Retirement financial projections

Retirement financial projections

Your economic security during retirement depends on your work status, marriage status, living arrangements, as well as your lifestyle and health status. A recent study shows the differences in economic status during the golden years of 67 and 80.

The survey found that while some will have more income at age 80 than they did at 67, many will have much less. The statistics of the study found that two-fifths of retirees will see a decline of $16,000 from 67 to 80 years of age, and two-fifths of baby boomers will see a decline of nearly $23,000.

The reasons are many, but at the top of the list is retirement and loss of a spouse. It is estimated that one-sixth of retirees lose a spouse to divorce or death during these later years and in turn, see a 35 percent drop in income.

Retirement is the second leading cause of income decline, showing a 25 percent drop in income.

On a positive note, the survey found that those who marry or start working during these years see an increase in income. Although, it is more likely that one will leave the workforce during these years, not return to it. It is also less likely that one will get married during these years, though the number of marriages in the later years is increasing. Still, these occurrences, while less common, do add to financial security.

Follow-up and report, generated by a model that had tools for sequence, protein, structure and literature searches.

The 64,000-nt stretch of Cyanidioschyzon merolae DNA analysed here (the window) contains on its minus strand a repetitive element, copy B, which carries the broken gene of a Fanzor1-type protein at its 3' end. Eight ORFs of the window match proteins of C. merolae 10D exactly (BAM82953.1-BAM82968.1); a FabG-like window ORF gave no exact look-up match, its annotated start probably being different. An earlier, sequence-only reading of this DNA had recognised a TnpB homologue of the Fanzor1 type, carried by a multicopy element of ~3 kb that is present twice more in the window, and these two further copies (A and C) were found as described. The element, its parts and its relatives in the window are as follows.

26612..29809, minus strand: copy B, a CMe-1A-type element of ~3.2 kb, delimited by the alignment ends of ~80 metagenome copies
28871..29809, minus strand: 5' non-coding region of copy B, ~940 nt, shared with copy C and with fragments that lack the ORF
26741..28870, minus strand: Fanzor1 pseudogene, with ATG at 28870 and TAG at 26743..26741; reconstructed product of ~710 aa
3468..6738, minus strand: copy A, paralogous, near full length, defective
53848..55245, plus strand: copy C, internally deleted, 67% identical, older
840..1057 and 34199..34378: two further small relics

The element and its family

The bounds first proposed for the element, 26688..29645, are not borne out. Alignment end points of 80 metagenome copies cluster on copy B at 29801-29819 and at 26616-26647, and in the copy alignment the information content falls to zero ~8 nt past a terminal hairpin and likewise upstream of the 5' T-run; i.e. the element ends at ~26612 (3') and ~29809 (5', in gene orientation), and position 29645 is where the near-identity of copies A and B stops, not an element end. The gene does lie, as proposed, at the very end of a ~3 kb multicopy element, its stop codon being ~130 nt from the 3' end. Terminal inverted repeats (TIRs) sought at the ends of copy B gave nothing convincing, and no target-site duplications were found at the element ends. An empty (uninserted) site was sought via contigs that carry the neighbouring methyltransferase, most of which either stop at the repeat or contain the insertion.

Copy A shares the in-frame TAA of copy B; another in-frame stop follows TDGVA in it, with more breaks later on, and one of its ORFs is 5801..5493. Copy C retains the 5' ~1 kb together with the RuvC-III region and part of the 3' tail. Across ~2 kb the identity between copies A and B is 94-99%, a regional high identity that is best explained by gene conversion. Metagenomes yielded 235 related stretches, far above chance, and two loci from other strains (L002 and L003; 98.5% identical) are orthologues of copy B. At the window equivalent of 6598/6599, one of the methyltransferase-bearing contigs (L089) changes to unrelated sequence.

On another positive note, the survey found that baby boomers are estimated to have more financially security between the ages of 67 and 80 than current retirees.

Although these projections show more financial security for boomers, consideration was not made for the potential changes in Medicare, Medicaid, long-term health insurance and Social Security retirement and disability. Policy makers are still debating these issues. The future of health care is still uncertain and many are projecting that benefits will decline in the coming years, not increase.

While being financially secure for the first couple of years of retirement is necessary, the survey finds it may not be enough. Retirees in the future need to start saving as early as possible to be able to finance their golden years. It appears imperative that, with the uncertainty of future health care and disability benefits looming in the background, people should start saving as young as possible. In addition, they must save for a potentially long life, and factor in health issues, death of a spouse and the possibility that they may not have a way to bring in extra finances during these years.

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